Op-Ed: NJEA Case Against Reopening Schools for In-Person Classes — It’s Time to Admit It’s Just Too Dangerous

Marie Blistan | August 13, 2020 | Opinion, Education
NJEA president: ‘No rational analysis ... leads to the conclusion that we can safely reopen for in-person instruction in less than a month’
Marie Blistan

The last five months have been the most difficult months of most NJEA members’ careers. In addition to the personal challenges of navigating a global pandemic and our concern for the health and well-being of our families and loved ones, our profession has been turned upside down. In a matter of days — and in some cases in a matter of hours — we had to completely reinvent our work. We did it without hesitation, because it was the only way to keep our students learning and keep them safe.

But we also did it with a great deal of sadness, because it took us away from our students. No one understands better than educators what is lost when we cannot be with our students in person. We know the power of personal relationships, group collaboration, peer interaction and one-on-one help when students are struggling. None of those things can be recreated online as well as they can be done in person. We didn’t enter education to see students through screens or to communicate by email, and no one is more eager than educators to return to doing the work we love in the way we know is best for students.

That’s why we have worked tirelessly alongside administrators and boards of education to find ways to restore even a small measure of normalcy to our students’ lives in the upcoming school year. NJEA members have joined our districts’ reopening teams and struggled together with our administrator and community partners to find ways to return to in-person instruction without endangering our students and our colleagues. We watched hopefully earlier this summer as New Jersey’s COVID-19 metrics trended in a promising direction.

Now, though, less than a month before the scheduled opening of school, that hope is turning to trepidation as those numbers have begun a troubling reversal both in New Jersey and across the country. We see example after example of COVID clusters among young people who continue to make the mistake of gathering indoors, and we cannot help but think of our own classrooms, cafeterias, hallways and buses. We watch Gov. Phil Murphy rightly reverse course and impose greater restrictions on indoor gatherings. We see indoor dining promised and then delayed indefinitely because even with the highest safety standards it still poses too great a risk to restaurant employees and patrons and will contribute to the spread of the virus.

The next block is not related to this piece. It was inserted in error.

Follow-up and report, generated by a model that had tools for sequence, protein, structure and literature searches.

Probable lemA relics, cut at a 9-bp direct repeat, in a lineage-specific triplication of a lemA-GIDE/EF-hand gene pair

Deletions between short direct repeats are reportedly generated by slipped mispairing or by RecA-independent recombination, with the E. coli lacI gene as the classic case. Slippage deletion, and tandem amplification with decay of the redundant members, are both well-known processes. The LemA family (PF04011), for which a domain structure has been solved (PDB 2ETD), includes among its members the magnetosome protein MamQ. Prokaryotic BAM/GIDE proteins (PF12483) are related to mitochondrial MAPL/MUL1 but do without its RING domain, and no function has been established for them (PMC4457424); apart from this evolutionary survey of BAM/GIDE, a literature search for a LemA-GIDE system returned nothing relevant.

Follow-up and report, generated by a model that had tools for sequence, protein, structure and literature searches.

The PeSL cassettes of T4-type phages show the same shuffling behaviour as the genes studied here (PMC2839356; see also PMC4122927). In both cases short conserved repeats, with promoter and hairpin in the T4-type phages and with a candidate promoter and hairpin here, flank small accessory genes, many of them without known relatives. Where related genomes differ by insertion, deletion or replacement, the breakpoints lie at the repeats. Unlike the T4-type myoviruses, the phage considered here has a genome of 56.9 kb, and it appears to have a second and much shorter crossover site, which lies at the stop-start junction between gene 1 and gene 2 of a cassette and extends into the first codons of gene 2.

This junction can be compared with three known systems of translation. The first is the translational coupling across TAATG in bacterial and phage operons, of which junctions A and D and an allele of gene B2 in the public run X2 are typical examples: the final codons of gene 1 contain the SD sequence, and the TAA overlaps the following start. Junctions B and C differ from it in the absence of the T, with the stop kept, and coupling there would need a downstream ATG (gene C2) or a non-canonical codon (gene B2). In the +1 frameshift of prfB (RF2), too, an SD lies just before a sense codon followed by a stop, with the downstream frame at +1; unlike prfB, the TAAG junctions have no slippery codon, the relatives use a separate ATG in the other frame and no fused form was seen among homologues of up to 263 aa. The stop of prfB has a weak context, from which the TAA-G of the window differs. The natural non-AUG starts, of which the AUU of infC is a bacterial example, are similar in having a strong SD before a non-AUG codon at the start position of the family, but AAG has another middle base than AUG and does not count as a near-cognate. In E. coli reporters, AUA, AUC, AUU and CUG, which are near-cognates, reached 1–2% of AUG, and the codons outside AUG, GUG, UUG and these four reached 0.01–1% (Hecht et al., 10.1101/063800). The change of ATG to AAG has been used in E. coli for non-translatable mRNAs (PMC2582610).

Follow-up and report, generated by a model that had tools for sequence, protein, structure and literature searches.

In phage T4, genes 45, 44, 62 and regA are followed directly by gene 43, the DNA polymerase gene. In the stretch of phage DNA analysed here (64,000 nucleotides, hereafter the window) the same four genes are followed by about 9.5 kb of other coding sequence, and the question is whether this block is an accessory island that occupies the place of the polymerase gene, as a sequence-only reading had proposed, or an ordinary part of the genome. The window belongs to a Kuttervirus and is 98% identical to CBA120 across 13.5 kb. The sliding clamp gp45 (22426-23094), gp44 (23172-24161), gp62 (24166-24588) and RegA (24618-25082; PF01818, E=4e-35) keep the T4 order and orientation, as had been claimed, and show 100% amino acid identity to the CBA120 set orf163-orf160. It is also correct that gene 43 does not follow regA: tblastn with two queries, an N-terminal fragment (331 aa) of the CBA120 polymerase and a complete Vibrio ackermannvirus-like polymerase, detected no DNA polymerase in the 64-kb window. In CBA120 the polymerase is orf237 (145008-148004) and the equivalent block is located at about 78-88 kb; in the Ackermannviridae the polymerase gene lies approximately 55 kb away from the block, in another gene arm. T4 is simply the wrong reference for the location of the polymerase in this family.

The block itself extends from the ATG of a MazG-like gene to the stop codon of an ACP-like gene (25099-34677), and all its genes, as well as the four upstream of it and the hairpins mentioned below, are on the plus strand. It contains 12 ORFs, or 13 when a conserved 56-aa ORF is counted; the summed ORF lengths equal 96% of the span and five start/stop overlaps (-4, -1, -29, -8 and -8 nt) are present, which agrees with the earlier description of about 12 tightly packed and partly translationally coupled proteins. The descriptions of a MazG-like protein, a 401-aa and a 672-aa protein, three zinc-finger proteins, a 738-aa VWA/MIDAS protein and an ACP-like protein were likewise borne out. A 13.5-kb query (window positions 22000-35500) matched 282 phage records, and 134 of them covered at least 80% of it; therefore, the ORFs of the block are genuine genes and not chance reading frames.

Much of the guidance is incomplete

As we’ve scoured the guidance from the New Jersey Department of Education, the New Jersey Department of Health, the Centers for Disease Control and Prevention and other sources, we’ve grown increasingly concerned. Much of that guidance is incomplete. Some of it is contradictory. And none of it gives us confidence that New Jersey’s school buildings can reopen safely in September, whether full time or under a part-time or hybrid schedule.

There is simply no level of planning we can do in the next four weeks, and no amount of caution and care we can practice in September, that will guarantee the safety of students and staff. And the scenarios we’ve had to contemplate — no group work, cafeterias closed, wearing masks and sheltering behind plexiglass unable to approach students for individual instruction — are so far removed from what existed before March that even if students come back to buildings, they will not be coming back to anything they will recognize as school. It will be an alien, intimidating experience.

We are not the only ones to reach this reluctant conclusion. Districts across the state, from Willingboro and Westampton to Bayonne and Jersey City have reached the same conclusion, declaring their intention to open remotely in the name of student safety, and the numbers are growing daily. In every case, they acknowledged the difficulty of the decision and the deep concern we all share for our students’ learning and overall well-being during periods of remote instruction. But in every case, they balanced those concerns, which we can and must address, against the dire threat to the health and even the very lives of students and staff.